Take your time both inside and outside the Duomo (the green and pink marble is phenomenal). Climbing to the top of the Duomo is another story and, unfortunately this is not the blog for you on that regard - I am pseudo-afraid of heights/small spaces, so the rickety staircases of major European sights have never really appealed to me.
The Basilica of Santa Croce
Once you've finished at the Duomo, take the quick jaunt over to Santa Croce, built in 1294. Far less crowded than the Duomo, pop into Santa Croce and take in the beautiful church and surrounding cloisters. Visit the graves of Machiavelli, Michelangelo, Galileo, and a significant memorial monument to Dante (though Dante is not buried there). Warning -with the lack of crowds, you may even feel yourself start to relax a bit! A ticket is required (8 Euros), but in September, we were able to walk right up and buy our tickets without a line at all.
I cannot reiterate this enough. Buy tickets in advance, from the Gallery. Florence is filled to the brim with people on short stop-overs. They have a quick list of things to see and this is on everyone's list.
And of course there's a reason it's so crowded- housed in the former Medici offices, it's an absolute behemoth. It's gorgeous. And you won't see it all. See as much as you can, and when you think your feet are going to fall off, or you aren't enjoying yourself any longer, move along.
As with the Ufizzi, buy your tickets in advance (also beware of fake website trying to sell you tickets at inflated prices). It is a very small gallery and there is not a huge amount to see. Do not waste more time in line than necessary. In addition to the David, there are a number of rooms showcasing gorgeous works of sculpture - depending on the crowds, and your interest in sculpture, take a peek around. We spent approximately 45 minutes here.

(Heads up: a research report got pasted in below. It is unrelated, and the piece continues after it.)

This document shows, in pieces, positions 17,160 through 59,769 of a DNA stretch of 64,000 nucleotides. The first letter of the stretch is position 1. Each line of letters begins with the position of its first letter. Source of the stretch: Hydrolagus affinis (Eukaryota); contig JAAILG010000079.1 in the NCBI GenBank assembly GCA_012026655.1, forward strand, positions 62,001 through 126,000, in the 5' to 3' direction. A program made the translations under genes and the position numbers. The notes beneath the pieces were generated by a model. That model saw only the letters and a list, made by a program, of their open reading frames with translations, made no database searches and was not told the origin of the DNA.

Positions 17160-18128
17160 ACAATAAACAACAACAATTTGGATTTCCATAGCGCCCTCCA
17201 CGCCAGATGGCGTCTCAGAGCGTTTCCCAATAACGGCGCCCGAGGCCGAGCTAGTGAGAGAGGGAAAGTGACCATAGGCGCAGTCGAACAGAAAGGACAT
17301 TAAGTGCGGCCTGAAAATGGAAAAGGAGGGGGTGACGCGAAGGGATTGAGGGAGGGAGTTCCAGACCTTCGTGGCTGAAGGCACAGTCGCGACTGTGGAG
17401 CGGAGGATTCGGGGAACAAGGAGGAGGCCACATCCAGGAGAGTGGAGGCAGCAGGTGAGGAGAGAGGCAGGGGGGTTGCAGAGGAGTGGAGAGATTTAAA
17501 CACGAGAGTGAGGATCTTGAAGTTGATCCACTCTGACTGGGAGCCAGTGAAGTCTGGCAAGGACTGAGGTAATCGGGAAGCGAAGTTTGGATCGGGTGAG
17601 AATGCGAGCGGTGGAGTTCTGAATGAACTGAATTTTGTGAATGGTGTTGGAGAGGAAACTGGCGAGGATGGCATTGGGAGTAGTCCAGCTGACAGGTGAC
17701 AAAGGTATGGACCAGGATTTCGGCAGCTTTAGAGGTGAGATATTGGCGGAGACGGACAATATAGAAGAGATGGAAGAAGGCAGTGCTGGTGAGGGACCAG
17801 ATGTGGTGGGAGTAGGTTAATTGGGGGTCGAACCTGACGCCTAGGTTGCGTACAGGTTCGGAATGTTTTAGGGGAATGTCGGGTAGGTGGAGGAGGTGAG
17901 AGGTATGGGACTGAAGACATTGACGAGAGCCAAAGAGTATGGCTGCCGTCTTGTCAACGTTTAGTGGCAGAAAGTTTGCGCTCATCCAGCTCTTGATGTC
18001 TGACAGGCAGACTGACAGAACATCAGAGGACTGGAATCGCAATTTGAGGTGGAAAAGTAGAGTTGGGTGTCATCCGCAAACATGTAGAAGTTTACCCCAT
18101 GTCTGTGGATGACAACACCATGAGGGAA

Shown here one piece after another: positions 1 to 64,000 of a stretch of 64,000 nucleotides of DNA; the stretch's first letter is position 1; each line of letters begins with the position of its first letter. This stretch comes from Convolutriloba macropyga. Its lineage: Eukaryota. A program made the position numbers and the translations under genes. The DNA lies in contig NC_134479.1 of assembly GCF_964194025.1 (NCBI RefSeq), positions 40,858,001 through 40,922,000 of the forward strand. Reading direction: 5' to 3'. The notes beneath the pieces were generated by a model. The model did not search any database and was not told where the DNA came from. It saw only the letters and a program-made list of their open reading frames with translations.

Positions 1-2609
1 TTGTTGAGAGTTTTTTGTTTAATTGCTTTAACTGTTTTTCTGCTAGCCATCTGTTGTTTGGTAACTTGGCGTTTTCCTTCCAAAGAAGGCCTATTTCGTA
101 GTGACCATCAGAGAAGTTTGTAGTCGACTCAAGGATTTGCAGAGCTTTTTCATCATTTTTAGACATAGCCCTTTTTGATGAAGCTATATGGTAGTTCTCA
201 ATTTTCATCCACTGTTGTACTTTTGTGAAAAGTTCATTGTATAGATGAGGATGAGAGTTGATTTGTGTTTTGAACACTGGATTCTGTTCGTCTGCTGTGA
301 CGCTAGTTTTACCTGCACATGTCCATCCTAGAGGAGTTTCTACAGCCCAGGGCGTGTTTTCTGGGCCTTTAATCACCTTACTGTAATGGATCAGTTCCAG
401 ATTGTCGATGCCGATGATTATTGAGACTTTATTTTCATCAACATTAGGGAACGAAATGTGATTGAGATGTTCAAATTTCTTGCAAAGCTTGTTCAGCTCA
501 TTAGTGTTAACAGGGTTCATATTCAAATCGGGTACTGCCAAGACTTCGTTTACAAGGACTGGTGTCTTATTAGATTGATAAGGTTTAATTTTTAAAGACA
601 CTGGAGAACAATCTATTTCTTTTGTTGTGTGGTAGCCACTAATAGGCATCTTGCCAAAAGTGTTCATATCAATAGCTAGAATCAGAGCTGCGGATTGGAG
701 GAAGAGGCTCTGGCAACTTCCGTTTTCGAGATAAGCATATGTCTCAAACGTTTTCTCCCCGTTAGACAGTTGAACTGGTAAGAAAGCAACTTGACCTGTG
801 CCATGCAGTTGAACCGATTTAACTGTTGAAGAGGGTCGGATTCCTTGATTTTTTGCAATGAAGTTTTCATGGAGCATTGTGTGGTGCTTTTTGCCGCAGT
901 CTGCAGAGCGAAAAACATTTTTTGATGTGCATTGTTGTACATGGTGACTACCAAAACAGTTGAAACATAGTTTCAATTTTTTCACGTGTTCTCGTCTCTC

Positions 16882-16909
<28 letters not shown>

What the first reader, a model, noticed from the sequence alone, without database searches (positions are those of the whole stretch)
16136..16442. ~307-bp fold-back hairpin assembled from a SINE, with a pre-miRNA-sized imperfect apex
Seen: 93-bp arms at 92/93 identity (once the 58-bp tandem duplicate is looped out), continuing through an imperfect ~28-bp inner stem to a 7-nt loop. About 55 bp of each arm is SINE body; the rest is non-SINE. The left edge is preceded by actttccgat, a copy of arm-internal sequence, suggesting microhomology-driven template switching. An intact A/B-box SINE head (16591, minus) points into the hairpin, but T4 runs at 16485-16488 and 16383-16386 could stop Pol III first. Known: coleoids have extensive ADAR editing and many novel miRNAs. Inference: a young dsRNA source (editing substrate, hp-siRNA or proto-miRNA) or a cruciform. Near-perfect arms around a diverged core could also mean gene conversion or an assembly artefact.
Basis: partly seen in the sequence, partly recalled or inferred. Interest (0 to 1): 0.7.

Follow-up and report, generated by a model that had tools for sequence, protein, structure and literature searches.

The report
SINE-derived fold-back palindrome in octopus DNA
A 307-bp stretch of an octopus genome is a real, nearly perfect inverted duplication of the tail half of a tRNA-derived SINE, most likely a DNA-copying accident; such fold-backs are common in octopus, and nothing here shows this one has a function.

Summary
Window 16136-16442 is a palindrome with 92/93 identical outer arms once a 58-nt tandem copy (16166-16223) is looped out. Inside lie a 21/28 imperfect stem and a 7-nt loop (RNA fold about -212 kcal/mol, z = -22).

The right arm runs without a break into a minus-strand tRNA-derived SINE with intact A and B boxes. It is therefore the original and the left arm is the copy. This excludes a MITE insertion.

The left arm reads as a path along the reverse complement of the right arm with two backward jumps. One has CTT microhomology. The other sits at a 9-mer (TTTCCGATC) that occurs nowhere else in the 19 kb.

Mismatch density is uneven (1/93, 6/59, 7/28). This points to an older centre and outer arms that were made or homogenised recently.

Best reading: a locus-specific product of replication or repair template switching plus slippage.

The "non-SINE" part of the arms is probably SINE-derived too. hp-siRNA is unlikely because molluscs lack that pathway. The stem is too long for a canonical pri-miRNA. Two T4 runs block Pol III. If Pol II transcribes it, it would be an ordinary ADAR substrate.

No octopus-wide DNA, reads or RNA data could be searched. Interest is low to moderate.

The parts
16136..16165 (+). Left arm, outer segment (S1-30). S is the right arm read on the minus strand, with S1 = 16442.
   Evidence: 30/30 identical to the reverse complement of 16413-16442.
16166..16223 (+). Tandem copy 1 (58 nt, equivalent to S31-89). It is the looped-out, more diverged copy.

Shopping in Florence
Though small, Florence is home to some of the best shopping in the world. From the luxury on the Ponte Vecchio to the birthplace of one of the finest luxury leather brands, Ferragamo, dedicate some time to spending a few. For me, a big purchase at the castle-like Ferragamo headquarters was a must - the service was incredible and it felt like a natural shopping experience (not like an ordeal on the Champs-Elysees). And, of course, if you're looking for their products in the US, they're readily available, though not in the same quantity, and with an import cost. Really, this can fit into any of the days of your visit, though let's be honest - you'll know you'll start shopping the instant you arrive.
Visiting the Pitti Palace and Boboli Gardens
We started our final day in Florence with a trip across the Arno River to the Pitti Palace, home of the famous Medici family. On an almost unimaginable scale, the stunning palazzo seems to go on forever. The original building was built in 1457, though now it's heavily surrounded by centuries worth of gilded expansion.
Grab yourself and audio guide and get walking! For an additional charge, the Boboli Gardens expand beyond the palace. The museum also contains a nice first-floor cafe, if you're feeling hungry after all that exploration!
I could write about Florence all day - and I'm sure it will earn many more blog posts in the future. Happy Travels!